Combining Normal Maps

My buddy Vito asked for some help with combining normal maps with bump maps in Fusion. He’s been using a method that’s pretty common but mathematically flawed: Apply the bump to the base normals using Overlay mode. While this Looks About Right most of the time, he wanted to improve his workflow. To be honest, the problem was a little bit over my head, but being unable to resist the technical challenge, I dove in.

After some Googling around and reading descriptions that sent my brain spinning, I finally happened across a blog post courtesy of Stephen Hill that shows several different methods, compares their results, and even includes a little WebGL demo of each technique. As soon as phrases like “shortest arc quaternion” pop up, though, I totally lose track of what’s going on. One of these days my maths will catch up with what I’m trying to do, and I’ll understand what’s going on there. In the meantime, though, the blog very handily provides some code, and that is something I can break down into a tool!

Here’s the HLSL provided by Hill:

float3 t = tex2D(texBase, uv).xyz*float3( 2, 2, 2) + float3(-1, -1, 0);
float3 u = tex2D(texDetail, uv).xyz*float3(-2, -2, 2) + float3( 1, 1, -1);
float3 r = t*dot(t, u)/t.z - u;
return r*0.5 + 0.5;

The trick for me is to turn this into Fusion tools. So let’s try to break it apart into its components.

The variable t is created by multiplying the x, y and z normals by 2. Then 1.0 is subtracted from x and y. z is left alone.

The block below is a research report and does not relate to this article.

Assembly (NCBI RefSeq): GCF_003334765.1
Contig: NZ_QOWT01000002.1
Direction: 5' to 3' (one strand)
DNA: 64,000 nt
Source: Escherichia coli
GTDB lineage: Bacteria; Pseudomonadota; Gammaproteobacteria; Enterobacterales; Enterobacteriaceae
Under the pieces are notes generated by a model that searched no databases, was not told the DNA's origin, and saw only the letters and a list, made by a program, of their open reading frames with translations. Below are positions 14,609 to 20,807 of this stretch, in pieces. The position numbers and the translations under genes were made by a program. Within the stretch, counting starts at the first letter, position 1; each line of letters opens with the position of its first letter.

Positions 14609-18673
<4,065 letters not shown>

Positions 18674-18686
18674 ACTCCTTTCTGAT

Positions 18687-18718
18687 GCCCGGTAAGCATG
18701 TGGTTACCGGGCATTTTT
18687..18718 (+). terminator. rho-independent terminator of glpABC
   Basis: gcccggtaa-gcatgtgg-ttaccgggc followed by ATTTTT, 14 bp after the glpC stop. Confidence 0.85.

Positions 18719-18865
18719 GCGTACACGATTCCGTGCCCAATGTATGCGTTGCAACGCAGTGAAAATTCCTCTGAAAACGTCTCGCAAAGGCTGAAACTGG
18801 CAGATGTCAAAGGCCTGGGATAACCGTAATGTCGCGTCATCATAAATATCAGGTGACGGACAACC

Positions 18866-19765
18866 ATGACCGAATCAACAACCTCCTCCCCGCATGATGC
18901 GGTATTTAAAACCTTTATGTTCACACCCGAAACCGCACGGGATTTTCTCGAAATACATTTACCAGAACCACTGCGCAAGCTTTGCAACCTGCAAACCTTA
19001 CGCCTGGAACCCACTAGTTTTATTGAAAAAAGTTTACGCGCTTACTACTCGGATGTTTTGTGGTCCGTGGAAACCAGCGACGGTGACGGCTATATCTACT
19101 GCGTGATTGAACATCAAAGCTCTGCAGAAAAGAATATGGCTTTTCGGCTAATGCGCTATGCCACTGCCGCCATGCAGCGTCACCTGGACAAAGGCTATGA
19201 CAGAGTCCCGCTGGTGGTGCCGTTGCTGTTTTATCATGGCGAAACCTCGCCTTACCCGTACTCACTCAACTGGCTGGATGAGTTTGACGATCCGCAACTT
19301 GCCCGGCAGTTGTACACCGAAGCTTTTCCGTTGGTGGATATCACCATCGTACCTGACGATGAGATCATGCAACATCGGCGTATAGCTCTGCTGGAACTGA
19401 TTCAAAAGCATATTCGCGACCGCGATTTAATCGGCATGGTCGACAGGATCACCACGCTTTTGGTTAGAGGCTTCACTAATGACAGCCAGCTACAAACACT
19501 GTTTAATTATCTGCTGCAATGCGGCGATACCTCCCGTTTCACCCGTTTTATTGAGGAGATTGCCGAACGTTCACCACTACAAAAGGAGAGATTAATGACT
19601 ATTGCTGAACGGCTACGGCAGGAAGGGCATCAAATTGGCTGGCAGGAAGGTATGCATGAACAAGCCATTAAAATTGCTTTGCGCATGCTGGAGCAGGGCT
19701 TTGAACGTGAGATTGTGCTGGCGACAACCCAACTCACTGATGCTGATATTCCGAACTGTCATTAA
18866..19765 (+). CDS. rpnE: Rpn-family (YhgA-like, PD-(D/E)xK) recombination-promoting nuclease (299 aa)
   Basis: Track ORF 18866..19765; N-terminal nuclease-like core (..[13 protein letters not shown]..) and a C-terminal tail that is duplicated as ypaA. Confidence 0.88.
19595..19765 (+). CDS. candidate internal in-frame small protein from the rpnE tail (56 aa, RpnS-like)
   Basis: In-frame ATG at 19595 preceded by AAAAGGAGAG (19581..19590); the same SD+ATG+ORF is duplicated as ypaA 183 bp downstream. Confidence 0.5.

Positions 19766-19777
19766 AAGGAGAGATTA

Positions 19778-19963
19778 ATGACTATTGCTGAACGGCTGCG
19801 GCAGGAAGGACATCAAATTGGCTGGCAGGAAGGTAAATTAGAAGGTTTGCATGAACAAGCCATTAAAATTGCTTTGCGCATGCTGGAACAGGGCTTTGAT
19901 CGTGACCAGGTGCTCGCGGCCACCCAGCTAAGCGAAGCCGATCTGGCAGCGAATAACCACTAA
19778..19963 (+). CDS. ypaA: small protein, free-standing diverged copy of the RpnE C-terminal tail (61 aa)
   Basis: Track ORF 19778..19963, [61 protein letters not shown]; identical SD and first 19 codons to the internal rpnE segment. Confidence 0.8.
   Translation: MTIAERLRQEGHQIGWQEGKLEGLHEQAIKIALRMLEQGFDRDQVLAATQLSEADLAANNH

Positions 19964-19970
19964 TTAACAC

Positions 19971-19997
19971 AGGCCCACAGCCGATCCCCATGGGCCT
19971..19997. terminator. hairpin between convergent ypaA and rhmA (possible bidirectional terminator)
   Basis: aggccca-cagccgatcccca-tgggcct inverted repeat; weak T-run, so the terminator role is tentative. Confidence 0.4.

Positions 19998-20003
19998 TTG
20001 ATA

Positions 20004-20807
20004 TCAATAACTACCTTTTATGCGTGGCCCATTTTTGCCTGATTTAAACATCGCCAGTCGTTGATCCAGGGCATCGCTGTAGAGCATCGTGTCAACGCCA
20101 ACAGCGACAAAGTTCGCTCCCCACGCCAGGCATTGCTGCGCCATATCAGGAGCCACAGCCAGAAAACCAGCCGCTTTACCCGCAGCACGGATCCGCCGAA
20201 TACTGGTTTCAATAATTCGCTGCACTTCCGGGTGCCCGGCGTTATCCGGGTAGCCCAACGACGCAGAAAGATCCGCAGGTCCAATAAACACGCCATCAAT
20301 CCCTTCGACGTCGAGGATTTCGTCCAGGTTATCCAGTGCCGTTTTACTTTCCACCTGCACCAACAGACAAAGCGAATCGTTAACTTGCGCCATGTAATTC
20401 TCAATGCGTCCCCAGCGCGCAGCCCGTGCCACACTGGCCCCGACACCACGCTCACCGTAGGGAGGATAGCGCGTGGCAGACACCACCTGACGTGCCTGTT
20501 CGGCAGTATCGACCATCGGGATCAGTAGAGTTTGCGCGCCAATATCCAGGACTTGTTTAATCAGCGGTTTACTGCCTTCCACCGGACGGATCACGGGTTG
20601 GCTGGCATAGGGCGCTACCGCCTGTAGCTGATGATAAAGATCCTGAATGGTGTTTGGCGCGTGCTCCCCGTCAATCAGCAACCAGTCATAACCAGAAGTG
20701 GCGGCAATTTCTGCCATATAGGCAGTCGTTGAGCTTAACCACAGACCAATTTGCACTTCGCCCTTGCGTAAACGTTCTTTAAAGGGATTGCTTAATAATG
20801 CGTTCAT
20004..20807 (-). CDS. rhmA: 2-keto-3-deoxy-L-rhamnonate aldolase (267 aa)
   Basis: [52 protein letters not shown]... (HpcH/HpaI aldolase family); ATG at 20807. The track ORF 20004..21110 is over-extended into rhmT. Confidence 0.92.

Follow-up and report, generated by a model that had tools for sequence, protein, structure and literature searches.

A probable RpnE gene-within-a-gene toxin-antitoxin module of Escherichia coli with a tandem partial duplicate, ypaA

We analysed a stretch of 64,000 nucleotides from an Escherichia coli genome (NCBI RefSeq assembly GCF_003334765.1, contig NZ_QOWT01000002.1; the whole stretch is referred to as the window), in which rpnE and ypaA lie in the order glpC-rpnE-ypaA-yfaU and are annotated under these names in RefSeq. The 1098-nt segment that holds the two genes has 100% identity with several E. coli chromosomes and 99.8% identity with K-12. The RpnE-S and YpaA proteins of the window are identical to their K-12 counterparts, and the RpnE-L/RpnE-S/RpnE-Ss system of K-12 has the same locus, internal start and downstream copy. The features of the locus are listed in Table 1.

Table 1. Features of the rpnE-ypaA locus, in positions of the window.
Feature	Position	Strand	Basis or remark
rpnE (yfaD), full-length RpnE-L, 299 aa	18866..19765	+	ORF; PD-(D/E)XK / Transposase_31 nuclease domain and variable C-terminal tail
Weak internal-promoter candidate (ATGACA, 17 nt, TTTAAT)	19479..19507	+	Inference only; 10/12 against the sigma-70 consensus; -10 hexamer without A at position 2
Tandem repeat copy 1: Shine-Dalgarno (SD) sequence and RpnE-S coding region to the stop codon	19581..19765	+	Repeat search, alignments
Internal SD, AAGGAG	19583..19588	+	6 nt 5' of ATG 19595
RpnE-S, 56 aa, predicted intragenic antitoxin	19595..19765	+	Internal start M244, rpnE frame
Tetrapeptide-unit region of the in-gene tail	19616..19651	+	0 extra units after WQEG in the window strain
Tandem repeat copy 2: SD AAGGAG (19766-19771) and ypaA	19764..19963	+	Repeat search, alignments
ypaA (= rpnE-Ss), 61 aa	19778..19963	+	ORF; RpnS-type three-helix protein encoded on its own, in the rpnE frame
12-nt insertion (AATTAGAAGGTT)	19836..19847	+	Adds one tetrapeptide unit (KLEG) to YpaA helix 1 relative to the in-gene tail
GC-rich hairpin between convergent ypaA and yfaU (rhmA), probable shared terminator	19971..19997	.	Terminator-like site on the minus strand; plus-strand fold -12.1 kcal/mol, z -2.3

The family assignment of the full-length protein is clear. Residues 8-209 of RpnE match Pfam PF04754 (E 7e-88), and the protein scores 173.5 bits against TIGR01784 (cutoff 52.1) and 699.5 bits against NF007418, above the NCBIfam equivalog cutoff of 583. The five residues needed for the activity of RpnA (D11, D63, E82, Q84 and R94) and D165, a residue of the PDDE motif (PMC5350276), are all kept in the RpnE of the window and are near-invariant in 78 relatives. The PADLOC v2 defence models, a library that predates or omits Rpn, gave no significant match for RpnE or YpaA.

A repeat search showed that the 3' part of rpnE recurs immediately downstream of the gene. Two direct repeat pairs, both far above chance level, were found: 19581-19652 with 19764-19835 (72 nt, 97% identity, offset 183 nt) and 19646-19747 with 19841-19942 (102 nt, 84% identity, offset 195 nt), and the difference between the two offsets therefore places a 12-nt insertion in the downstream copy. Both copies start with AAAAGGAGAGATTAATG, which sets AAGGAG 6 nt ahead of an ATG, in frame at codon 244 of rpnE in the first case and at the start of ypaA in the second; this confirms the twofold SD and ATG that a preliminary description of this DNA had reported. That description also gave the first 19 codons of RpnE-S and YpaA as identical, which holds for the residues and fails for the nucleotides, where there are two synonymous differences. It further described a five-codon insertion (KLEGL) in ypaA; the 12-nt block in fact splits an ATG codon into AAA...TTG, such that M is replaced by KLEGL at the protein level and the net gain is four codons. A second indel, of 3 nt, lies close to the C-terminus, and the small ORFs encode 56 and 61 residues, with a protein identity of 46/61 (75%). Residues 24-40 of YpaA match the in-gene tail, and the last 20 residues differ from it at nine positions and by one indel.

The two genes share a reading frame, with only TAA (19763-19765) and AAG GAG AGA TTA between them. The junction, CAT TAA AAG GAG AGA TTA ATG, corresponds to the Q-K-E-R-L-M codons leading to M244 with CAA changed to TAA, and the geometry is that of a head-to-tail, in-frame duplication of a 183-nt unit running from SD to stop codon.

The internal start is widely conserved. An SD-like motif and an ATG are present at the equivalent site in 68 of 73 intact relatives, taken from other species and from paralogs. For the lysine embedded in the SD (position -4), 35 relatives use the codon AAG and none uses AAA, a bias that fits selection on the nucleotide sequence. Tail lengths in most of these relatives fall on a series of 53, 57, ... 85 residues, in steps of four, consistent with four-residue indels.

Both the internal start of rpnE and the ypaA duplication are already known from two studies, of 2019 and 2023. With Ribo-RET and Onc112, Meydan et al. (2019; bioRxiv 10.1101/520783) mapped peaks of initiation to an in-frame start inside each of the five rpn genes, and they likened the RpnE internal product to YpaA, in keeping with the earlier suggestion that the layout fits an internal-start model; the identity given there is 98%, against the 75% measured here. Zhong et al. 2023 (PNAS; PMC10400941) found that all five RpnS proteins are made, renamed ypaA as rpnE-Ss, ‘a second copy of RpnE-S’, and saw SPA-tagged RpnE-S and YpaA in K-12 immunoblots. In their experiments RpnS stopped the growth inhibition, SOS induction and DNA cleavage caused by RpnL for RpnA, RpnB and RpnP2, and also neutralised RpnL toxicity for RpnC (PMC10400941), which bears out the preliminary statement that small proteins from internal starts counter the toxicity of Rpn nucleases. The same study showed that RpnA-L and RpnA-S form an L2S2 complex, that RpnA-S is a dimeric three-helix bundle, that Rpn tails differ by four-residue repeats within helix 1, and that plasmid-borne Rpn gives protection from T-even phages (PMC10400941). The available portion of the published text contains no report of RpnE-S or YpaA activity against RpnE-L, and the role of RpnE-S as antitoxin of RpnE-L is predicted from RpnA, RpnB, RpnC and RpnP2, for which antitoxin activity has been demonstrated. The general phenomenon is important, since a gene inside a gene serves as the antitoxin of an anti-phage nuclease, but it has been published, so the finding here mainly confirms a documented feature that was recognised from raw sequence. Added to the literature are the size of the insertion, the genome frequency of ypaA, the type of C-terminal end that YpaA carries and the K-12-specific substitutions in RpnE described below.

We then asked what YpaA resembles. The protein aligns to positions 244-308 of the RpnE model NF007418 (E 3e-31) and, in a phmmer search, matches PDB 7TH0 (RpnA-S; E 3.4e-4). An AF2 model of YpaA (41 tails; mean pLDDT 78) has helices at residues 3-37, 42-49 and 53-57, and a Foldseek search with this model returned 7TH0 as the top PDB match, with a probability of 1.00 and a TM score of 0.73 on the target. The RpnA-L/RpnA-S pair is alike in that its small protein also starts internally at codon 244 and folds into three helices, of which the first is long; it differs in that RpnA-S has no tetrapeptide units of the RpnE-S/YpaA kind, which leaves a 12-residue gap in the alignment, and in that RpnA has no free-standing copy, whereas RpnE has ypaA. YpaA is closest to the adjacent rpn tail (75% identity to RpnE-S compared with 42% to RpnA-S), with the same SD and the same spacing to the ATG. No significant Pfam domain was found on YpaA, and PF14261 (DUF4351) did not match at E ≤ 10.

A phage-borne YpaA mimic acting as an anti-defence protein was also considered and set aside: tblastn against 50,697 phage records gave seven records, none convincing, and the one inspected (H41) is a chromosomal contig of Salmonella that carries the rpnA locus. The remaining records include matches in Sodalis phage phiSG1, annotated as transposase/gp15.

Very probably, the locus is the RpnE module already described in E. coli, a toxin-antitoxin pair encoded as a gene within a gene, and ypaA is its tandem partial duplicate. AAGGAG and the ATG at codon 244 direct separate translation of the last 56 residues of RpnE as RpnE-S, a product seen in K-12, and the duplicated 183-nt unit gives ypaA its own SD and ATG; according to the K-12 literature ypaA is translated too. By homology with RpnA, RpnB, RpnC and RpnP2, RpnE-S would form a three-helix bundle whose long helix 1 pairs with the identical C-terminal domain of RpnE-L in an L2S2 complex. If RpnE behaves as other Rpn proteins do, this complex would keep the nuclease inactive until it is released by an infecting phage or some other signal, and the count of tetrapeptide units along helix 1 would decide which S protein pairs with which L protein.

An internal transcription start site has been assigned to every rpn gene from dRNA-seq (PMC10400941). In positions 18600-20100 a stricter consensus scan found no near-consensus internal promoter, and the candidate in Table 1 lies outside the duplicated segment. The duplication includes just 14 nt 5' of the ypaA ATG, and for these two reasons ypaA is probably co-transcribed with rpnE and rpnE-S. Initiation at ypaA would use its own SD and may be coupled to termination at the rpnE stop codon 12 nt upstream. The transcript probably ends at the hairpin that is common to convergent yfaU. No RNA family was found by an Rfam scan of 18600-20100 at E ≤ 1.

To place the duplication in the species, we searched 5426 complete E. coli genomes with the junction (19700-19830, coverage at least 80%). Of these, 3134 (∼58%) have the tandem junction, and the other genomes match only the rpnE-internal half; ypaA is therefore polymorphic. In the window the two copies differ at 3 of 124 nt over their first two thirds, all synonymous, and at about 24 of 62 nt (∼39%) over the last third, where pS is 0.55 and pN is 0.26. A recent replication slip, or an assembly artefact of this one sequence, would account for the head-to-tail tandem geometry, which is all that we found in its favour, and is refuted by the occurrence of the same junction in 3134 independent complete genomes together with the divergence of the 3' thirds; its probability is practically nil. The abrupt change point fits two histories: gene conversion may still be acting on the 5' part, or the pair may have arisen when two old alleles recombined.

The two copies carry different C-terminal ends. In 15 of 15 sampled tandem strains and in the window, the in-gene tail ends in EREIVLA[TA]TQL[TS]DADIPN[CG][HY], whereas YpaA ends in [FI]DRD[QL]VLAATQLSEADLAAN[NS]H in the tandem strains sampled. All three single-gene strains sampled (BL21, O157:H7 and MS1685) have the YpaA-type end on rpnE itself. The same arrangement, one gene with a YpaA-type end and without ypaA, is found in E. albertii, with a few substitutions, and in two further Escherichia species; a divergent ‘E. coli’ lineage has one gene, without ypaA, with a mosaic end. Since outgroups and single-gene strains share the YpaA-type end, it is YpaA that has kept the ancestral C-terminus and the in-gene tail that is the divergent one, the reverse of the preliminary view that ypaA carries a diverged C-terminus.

u is based on the bump map—the microdetails that we’re adding to the overall normal map. x and y normals are multiplied by -2 (inverting and scaling at the same time), and then we add 1 to bring them into the -1 to +1 range, just like the main normals. z is only scaled and normalized, not inverted.

r is where the confusing work gets done. We multiply t by the dot product of t and u, then divide by the geometry’s z normal and finally subtract u. The end result is given by the return line, which returns the result to a normalized range.

So how does that translate into Fusion tools?

First, we need to adjust an inconsistency in the way Fusion handles normal maps. If you get a normals buffer from the OpenGL renderer, it will already be in the -1 to +1 range for the x and y channels, and z goes from 0 to 1. Technically, z would go all the way to -1, but by definition those polygons are pointed away from the camera and will not be rendered. In fact, even 0.0 is invalid for the z normals since we’d be looking edge-on at a polygon with no thickness. In contrast to this, a normal map created by the Create Bump Map node never produces negative values—it is always normalized from 0 to 1. Hence, the geometry normals and the bump normals are not in the same format and need to be unified before applying Hill’s algorithm.

Since Hill is starting from [0,1], I’ll transform the geometry normals to conform to that first:

This is a render of a 3d cone from overhead, which is the same setup Hill uses in his demos, so we can more easily see if we’re getting similar results from Fusion as he gets from GL shading. Since it’s much easier to perform color transformations on RGB channels, I’m using a CopyAux tool to move the Normals channels into RGB. If you are using the free version of Fusion 9, you won’t have the CopyAux tool, so you’ll need to instead use a ChannelBooleans to Copy the Normals XY and Z BG channels to RGB.